The soulful Elle King captured hearts across the world with her sassy, lovelorn 2015 hit "Exes and Ohs." Ahead of her upcoming album, King has released "Shame," which is a brassy tune about bad-girl antics. King repeats the song's title in the song's unstoppable series of hooks, as if daring us to feel shame for loving a song this wickedly good. We don't.

Troye Sivan has given us the latest taste of Bloom, his upcoming sophomore album. "Animal" is a vintage-sounding powerballad that documents potent sexual chemistry in a relationship. Sivan has made clear in the songs leading up to the album ("My My My!" and "Bloom") that his desires are taking center stage this time around, and we are not mad at all. "I am an animal with you," he sings repeatedly over a shape-shifting minimal arrangement, each time sounding more possessive and lovestruck. If you've ever had sparks with someone, or just had really mind-blowing sex, you know that possession, lust, and love feelings inevitably intertwine. On "Animal," Sivan beckons his lover closer and challenges the rest of us listening to go deeper in our own romantic endeavors. Turns out, the water is just fine.

Moors is the musical project of actor Lakeith Stanfield, the star of TV's Atlanta, and the recently released, critically-acclaimed feature-length Sorry to Bother You, which co-stars Tessa Thompson. His debut effort as Moors features robust production from indie-rocker Tune-Yards on a prog-pop number called "Mango." It works wonderfully as a hip-hop fused, left-of-center pop song with a message: though the title and overall sound may be as sweet as the track's namesake fruit, it's a catchy but unflinching examination of being Black in America. "Run me back my country/give me back my land," Stanfield warns, as if poised to lead a revolution over reparations. But: tea is tea, and though America currently (and for many, always) feels like a minefield of ancient open wounds, Stanfield's truth-telling is like a healing salve. Taking a bite of "Mango" might be deceptively bitter, we think it's for your own good.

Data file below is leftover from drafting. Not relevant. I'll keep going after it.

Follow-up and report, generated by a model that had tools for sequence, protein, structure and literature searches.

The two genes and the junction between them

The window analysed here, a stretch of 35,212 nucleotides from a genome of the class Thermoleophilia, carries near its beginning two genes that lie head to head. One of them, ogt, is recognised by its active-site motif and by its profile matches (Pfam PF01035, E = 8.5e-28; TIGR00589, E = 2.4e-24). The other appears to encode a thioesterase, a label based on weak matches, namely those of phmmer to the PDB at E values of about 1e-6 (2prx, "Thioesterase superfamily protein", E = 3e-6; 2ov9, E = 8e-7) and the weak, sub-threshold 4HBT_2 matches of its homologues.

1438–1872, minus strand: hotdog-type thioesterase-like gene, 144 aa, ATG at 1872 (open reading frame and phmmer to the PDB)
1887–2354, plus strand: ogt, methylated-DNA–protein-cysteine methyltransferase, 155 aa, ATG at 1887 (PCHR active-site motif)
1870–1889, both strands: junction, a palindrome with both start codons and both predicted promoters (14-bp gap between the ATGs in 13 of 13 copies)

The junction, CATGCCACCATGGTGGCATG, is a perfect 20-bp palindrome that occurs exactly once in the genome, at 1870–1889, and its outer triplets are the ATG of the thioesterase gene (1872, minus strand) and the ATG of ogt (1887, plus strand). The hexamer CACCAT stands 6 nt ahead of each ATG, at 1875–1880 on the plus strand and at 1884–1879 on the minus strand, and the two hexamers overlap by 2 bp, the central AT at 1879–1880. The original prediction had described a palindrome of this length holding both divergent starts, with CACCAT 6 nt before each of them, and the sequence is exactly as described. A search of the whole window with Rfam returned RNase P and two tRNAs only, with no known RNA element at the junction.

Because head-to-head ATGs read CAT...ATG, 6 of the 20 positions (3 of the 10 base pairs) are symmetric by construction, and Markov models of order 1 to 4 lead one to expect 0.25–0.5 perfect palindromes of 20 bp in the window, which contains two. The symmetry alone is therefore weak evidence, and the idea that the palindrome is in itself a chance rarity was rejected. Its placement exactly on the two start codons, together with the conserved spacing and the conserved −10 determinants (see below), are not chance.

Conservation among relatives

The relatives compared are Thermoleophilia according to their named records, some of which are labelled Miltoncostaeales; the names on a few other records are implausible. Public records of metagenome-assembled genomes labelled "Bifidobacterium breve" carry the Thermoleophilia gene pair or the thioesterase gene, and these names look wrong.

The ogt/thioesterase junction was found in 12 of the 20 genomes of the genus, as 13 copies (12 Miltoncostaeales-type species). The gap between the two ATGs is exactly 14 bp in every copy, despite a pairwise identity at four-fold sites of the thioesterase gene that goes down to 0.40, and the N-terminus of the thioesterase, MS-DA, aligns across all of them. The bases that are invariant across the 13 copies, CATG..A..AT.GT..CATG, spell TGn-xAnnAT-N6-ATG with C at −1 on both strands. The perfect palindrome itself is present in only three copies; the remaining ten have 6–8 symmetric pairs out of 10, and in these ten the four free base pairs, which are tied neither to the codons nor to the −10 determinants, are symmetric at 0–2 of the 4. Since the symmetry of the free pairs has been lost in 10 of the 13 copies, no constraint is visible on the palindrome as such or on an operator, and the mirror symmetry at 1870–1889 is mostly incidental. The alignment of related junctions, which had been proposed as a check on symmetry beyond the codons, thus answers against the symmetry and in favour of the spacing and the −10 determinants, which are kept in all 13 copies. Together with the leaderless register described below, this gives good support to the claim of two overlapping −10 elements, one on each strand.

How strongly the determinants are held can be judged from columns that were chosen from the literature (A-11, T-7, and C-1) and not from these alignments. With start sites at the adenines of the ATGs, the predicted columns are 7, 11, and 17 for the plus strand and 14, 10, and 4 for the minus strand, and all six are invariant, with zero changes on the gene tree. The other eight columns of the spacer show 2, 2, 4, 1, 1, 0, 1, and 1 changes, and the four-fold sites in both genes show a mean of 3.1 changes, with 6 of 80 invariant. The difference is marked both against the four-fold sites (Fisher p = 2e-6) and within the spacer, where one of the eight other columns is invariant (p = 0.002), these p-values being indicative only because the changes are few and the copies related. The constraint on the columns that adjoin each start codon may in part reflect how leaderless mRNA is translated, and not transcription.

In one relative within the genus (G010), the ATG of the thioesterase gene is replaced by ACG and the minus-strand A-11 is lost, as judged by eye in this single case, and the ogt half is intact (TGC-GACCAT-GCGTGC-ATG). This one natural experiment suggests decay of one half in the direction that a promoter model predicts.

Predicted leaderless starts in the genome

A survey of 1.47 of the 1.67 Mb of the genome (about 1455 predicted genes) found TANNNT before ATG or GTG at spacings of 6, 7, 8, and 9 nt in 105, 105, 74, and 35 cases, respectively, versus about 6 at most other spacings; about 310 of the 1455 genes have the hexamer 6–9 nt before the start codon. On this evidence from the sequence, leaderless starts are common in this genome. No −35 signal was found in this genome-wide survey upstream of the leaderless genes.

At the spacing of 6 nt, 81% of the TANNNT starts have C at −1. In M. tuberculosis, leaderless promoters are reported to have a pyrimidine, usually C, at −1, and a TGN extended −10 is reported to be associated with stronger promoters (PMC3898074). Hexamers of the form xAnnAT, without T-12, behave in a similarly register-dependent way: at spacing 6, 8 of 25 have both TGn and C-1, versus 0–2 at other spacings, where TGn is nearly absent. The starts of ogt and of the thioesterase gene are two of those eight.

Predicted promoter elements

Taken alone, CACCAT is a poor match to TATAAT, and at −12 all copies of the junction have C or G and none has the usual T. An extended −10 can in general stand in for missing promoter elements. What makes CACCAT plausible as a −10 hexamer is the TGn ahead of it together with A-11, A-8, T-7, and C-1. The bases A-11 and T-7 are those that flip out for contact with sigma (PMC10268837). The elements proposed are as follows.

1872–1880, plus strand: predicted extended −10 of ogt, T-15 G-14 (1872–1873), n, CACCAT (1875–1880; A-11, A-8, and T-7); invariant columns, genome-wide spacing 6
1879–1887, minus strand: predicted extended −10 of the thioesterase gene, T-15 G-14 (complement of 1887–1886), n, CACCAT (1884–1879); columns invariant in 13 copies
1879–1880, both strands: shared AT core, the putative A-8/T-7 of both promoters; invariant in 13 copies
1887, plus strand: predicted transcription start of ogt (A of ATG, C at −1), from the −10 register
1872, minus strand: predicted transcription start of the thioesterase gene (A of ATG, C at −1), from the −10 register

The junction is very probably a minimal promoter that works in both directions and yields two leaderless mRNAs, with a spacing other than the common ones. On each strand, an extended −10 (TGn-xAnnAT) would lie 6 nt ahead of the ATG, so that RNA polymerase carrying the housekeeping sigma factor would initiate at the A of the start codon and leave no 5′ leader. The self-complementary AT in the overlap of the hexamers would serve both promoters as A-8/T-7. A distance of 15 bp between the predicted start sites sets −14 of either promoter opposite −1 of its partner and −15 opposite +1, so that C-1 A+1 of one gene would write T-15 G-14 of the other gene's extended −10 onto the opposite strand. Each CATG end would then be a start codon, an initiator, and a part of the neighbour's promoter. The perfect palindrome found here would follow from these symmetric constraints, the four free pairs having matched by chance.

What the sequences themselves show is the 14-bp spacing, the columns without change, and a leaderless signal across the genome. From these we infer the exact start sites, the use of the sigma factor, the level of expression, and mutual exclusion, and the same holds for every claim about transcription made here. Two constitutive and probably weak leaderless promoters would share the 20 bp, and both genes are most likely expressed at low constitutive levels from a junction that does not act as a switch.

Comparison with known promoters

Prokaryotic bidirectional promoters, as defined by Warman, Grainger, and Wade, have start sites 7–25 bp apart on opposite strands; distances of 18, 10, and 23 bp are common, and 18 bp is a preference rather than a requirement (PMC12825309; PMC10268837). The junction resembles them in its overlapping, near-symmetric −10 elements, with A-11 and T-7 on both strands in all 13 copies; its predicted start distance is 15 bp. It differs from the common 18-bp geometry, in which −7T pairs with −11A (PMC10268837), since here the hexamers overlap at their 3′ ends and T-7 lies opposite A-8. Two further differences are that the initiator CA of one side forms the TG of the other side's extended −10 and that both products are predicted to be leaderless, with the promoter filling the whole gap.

Rapper and singer-songwriter Hoodie Allen releases "Wasting All My Time" today, and we love a summery song with a straightforward message. "I like wasting all my time on you," Allen admits in the song's addictive chorus. If you find someone worth wasting my time on, DM me.

Moses Sumney's "Rank & File" comes from the R&B experimentalist's Black in Deep Red, 2014 EP, the name of which is borrowed from a Mark Rothko painting. The song, a militaristic pathos about the emerging police state America sometimes seems to be moving toward, builds on Sumney's fear and quiet rage into a call-and-response style protest chant (backed by finger-snaps and a tense production), if there ever was one. But don't get it twisted: the track's weighty subject matter doesn't make it any less of a bop, just something that you can actually take to the streets, rather than maybe the club or someplace else.

What's your favorite track this week? See you next week, lovers!

Caroline Vreeland Photo: Josiel Correa